Topological defects in epithelia govern the extrusion of dead cells 

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Variability and probability distribution functions

In tissues, cell behaviour differs substantially from that of single cells because of cellcell adhesion: collective processes occur, cells modify their shapes and their physical parameters, such as their stiffness, depending on their neighbours. Moreover, some heterogeneities of physical parameters appear throughout the tissue, in addition to the internal cell variation. This variation is clearly visible if we look at the statistical distribution of these parameters. Among these quantities, the projected cell area appears to have a similar distribution over different cell types that can be fitted with a stochastic model [208] (Fig.I.13a).
Studying the distribution of cell velocity within cellular layers, different groups [36, 166, 197] found an exponential distribution for various cell types with a scale of the order of 100 μm.h−1 (Fig.I.13b) and some modeling with a stochastic equation has been provided in order to explain this behaviour. Similarly, we observe a Laplacian distribution for the traction force (exponential distribution for the absolute value), i.e. with tails larger than for a Gaussian distribution [63, 195]. For MDCK cells, a scale of the order of 10 kPa has been found (Fig.I.13c-d). Using a force-driven heterogeneous elastic membrane sliding over a visI. cous substrate, has allowed [6] to find a similar distribution. But to our knowledge, no study of the relation between the distributions of these different quantities has been performed yet (see Chap.III.3.3).
In Appendix A, we define the univariate probability distribution functions (PDF) used in this work, listing their parameters and the expressions of their mean, mode and variance as a function of the parameters.

Summary of « Tissue fusion over nonadhering surfaces »

The experiment is very similar to the one performed in [32] but the wound domain is treated with PEG (Polyethylene glycol) in order to be nonadhesive for cells. For wounds smaller than a single cell, the tissue simply bridges the gap and does neither sense the nonadhesive substrate nor create an actin ring, confirming that cells have the ability to bridge over small nonadherent defects [159]. On the contrary for large wounds (R > 70 μm in our case), full closure does not occur, even after 7 days (Fig.S8).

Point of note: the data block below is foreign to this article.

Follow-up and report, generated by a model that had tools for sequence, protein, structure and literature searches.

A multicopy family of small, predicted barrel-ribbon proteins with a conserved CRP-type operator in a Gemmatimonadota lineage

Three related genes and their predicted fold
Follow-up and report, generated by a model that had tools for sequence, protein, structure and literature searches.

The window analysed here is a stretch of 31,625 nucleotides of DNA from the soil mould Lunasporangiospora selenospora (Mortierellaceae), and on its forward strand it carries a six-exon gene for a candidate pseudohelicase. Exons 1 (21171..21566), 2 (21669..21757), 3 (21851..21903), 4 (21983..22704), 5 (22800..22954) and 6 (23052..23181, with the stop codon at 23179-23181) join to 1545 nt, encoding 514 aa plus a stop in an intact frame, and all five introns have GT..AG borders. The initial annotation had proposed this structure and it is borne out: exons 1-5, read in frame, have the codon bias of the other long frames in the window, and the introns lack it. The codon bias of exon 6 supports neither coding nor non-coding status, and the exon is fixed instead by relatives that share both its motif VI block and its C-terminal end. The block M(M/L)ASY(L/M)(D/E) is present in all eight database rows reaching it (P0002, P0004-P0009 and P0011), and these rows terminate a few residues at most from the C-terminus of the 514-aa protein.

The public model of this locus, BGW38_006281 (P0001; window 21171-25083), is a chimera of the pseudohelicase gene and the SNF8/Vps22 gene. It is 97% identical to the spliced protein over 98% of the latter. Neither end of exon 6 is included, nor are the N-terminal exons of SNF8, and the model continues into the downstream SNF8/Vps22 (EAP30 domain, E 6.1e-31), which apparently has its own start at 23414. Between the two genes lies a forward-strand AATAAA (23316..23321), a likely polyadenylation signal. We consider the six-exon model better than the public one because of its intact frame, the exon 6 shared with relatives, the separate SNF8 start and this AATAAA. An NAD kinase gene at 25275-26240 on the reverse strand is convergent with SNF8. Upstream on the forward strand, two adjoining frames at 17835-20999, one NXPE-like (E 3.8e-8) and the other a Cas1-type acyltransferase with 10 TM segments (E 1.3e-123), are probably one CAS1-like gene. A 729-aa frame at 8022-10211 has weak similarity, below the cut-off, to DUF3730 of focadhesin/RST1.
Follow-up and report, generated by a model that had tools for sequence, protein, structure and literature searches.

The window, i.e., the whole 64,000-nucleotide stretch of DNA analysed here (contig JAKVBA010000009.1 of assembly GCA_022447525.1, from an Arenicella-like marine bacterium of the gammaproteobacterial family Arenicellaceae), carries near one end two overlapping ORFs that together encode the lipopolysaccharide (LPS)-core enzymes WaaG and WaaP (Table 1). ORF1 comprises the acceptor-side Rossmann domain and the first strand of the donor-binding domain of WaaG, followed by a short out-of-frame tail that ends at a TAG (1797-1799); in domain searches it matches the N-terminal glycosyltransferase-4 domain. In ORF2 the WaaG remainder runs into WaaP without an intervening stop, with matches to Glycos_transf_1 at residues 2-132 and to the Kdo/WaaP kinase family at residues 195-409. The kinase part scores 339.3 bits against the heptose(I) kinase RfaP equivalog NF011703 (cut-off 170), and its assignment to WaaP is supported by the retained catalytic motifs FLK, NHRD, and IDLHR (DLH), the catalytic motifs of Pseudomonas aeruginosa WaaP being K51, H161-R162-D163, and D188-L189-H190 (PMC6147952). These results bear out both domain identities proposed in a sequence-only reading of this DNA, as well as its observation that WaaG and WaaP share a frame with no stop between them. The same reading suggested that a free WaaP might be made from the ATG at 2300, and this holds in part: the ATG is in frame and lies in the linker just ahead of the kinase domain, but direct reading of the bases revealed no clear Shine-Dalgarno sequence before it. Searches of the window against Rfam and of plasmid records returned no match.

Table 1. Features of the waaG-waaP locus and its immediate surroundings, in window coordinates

In order to study gap closure, we limit our study to radii comprised between 30 and 50 μm. For a given initial radius, the closing time is, as expected, much higher than for the adhesive case (at least ten times higher). Two striking differences appear, (i) the trajectory of the closure is erratic and noisy and (ii) the distribution of the closure time tc at fixed initial radius R is much broader (Fig.2A,C-E). These information led us to write a stochastic force balance equation at the tissue edge. The dynamics of the wound radius r is described by a Langevin equation (I.3.1): dr dt = − ˜ r + p 2D(t) (II.2.1) where ˜ is the reduced line tension and p2D(t) is a noise term of variance 2D. The fraction of closed wounds, f(R, t), obeys a backward Fokker-Planck equation, with appropriate boundary conditions, which we solve numerically. From experimental observations, we choose a reflecting boundary at the initial wound radius r = R, whereas for r = 0 we impose an absorbing boundary condition. A least-squares fit of experimental data yields the following estimates of the parameters (Fig.3): ˜ MDCK = 10 μm2.h−1.

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Validation with heterogeneous parameters